Clearly, the Bradford electorate were looking for an alternative. The vote for Galloway is an alternative, but not a ‘anti-establishment’ one as has been suggested. You do not counter the establishment by engaging with it from the inside. You do not get a better democracy by voting in the ‘best of the bad’. You do work towards something better by refusing to engage in this joke. Such a huge victory for Galloway over Labour can be laughed over, but it is also a huge disgrace.

Galloway’s Bradford win cannot be a victory

4 thoughts on “Galloway’s Bradford win cannot be a victory

  1. Helen Lumburn says:

    ‘The very fact that this quandary appears should serve to suggest that representative democracy is neither desirable nor effective. If it can throw out Galloway as the ‘best’ option, something has gone so very wrong.’

    That depends doesn’t it? Perhaps the people of Bradford are very happy to have Mr Galloway as their MP. That would suggest representative democracy is working for them and since it is their vote, they have got what they want.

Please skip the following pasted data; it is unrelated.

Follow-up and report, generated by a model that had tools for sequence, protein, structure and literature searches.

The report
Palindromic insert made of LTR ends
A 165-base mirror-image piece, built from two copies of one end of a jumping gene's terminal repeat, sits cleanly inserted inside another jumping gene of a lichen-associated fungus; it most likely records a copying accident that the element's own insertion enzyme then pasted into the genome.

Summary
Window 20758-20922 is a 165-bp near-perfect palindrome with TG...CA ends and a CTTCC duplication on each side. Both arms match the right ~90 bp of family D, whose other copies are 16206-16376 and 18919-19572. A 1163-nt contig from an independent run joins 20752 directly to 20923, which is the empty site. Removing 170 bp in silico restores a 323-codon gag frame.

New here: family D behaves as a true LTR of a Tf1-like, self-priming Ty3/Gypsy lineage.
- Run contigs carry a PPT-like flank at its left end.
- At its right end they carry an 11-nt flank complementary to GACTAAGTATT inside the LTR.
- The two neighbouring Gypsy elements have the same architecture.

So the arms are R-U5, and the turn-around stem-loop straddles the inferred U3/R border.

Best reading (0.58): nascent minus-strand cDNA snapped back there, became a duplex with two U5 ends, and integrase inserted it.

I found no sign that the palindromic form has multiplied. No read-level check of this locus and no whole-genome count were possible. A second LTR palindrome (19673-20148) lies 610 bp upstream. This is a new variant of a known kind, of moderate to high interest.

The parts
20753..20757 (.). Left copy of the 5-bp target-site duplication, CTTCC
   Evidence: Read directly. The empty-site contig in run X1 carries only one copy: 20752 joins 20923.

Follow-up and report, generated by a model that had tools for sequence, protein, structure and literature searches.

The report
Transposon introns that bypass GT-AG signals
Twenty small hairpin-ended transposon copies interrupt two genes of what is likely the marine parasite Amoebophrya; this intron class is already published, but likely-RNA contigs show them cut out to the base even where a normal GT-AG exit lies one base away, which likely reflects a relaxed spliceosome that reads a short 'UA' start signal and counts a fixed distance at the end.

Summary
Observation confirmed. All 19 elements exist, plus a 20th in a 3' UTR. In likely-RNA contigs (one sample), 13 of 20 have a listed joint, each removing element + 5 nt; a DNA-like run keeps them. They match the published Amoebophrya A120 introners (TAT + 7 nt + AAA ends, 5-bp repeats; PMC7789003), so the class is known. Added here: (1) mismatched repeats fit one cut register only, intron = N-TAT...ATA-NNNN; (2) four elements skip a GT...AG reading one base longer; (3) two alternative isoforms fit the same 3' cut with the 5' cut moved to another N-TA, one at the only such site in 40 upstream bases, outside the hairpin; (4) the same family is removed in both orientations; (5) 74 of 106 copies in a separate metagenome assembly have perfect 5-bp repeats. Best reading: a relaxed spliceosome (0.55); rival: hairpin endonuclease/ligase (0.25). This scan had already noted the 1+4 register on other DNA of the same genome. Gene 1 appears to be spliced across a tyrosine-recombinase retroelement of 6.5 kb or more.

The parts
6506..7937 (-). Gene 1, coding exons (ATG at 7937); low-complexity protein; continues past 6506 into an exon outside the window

Perhaps there is an issue, perhaps the good people of Bradford really felt Mr Galloway was the best of a bad bunch. Does that mean representative democracy is the problem? There are other hypothesis that must be considered before any conclusion can be drawn. If Mr Galloway was indeed the best of a bad bunch, then where were the good bunch? Why were they not on the ballot? Perhpas it is our society that is the problem here? Maybe people couldn’t afford to campaign as independents? Maybe there are none? What was the election policies about? Did the local media tease out of the candidates their political views? Completely? Or did the media fail to do what they are there for, which is to inform the public? If they failed, then surely the deomcratic process has a problem, not with the electorate or with the candidates but with the media.